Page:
Cultural Studies of Science Education

, Volume 11, Issue 2, pp 235–251 | Cite as

Inquiry identity and science teacher professional development

  • Nadine BryceEmail author
  • Sara E. D. Wilmes
  • Marissa Bellino


An effective inquiry-oriented science teacher possesses more than the skills of teaching through investigation. They must address philosophies, and ways of interacting as a member of a group of educators who value and practice science through inquiry. Professional development opportunities can support inquiry identity development, but most often they address teaching practices from limited cognitive perspectives, leaving unexplored the shifts in identity that may accompany teachers along their journey in becoming skilled in inquiry-oriented instruction. In this forum article, we envision Victoria Deneroff’s argument that “professional development could be designed to facilitate reflexive transformation of identity within professional learning environments” (2013, p. 33). Instructional coaching, cogenerative dialogues, and online professional communities are discussed as ways to promote inquiry identity formation and collaboration in ways that empower and deepen science teachers’ conversations related to personal and professional efficacy in the service of improved science teaching and learning.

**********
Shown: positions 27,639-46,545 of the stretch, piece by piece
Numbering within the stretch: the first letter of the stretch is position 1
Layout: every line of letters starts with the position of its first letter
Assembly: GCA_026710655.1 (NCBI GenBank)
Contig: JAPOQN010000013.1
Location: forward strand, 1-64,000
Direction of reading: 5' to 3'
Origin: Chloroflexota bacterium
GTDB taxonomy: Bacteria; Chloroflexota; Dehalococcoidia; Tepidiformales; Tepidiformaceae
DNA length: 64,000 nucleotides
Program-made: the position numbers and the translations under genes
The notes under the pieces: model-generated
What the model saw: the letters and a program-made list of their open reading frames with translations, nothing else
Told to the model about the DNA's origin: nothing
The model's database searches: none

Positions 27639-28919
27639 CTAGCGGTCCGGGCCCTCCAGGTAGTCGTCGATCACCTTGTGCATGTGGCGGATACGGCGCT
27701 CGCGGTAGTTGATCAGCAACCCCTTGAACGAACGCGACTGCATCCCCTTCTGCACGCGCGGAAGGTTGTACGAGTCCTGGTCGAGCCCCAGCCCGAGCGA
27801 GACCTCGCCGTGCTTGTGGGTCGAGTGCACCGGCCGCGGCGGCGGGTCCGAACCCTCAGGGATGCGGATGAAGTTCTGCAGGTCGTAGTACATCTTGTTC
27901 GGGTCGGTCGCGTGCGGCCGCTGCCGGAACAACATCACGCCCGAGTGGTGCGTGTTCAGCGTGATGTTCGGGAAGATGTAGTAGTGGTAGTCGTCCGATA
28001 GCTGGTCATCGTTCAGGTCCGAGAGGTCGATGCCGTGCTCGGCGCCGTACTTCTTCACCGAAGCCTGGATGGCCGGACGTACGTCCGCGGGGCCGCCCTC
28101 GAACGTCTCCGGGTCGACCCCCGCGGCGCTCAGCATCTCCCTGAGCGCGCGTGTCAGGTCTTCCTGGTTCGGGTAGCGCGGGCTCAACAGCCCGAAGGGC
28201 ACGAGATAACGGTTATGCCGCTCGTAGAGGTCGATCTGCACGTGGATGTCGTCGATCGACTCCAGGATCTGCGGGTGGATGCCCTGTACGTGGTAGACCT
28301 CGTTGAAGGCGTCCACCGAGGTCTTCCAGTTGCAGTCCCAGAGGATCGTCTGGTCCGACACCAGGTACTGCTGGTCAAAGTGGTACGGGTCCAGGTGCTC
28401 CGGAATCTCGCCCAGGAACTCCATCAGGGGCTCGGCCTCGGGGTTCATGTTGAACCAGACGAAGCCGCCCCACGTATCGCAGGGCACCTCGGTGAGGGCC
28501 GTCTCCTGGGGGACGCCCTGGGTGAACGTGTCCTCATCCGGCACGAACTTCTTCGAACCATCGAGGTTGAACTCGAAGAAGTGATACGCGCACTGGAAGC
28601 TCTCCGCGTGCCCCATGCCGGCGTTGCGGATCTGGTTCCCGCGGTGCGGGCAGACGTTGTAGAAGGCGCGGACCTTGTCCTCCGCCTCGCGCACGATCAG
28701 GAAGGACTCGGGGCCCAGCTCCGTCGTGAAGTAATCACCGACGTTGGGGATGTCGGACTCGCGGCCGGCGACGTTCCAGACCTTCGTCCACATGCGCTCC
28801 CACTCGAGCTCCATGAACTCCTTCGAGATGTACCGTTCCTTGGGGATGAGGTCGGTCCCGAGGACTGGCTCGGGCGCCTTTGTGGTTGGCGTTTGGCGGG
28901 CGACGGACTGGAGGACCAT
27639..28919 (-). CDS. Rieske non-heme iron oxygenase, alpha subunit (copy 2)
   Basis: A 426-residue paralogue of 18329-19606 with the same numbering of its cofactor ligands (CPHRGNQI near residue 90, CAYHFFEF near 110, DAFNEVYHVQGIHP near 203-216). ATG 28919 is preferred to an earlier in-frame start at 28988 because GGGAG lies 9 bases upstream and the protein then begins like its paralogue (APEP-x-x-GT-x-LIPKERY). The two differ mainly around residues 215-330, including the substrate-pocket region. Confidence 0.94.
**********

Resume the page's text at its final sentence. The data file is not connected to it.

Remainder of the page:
Inquiry Identity Science education Professional development Community of practice 


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Copyright information

© Springer Science+Business Media Dordrecht 2016

Authors and Affiliations

  • Nadine Bryce
    • 1
    Email author
  • Sara E. D. Wilmes
    • 2
  • Marissa Bellino
    • 3
  1. 1.School of EducationHunter College of the City University of New YorkNew YorkUSA
  2. 2.Institute of Applied Educational SciencesUniversité du LuxembourgWalferdangeLuxembourg
  3. 3.Urban EducationThe Graduate Center of the City University of New YorkNew YorkUSA

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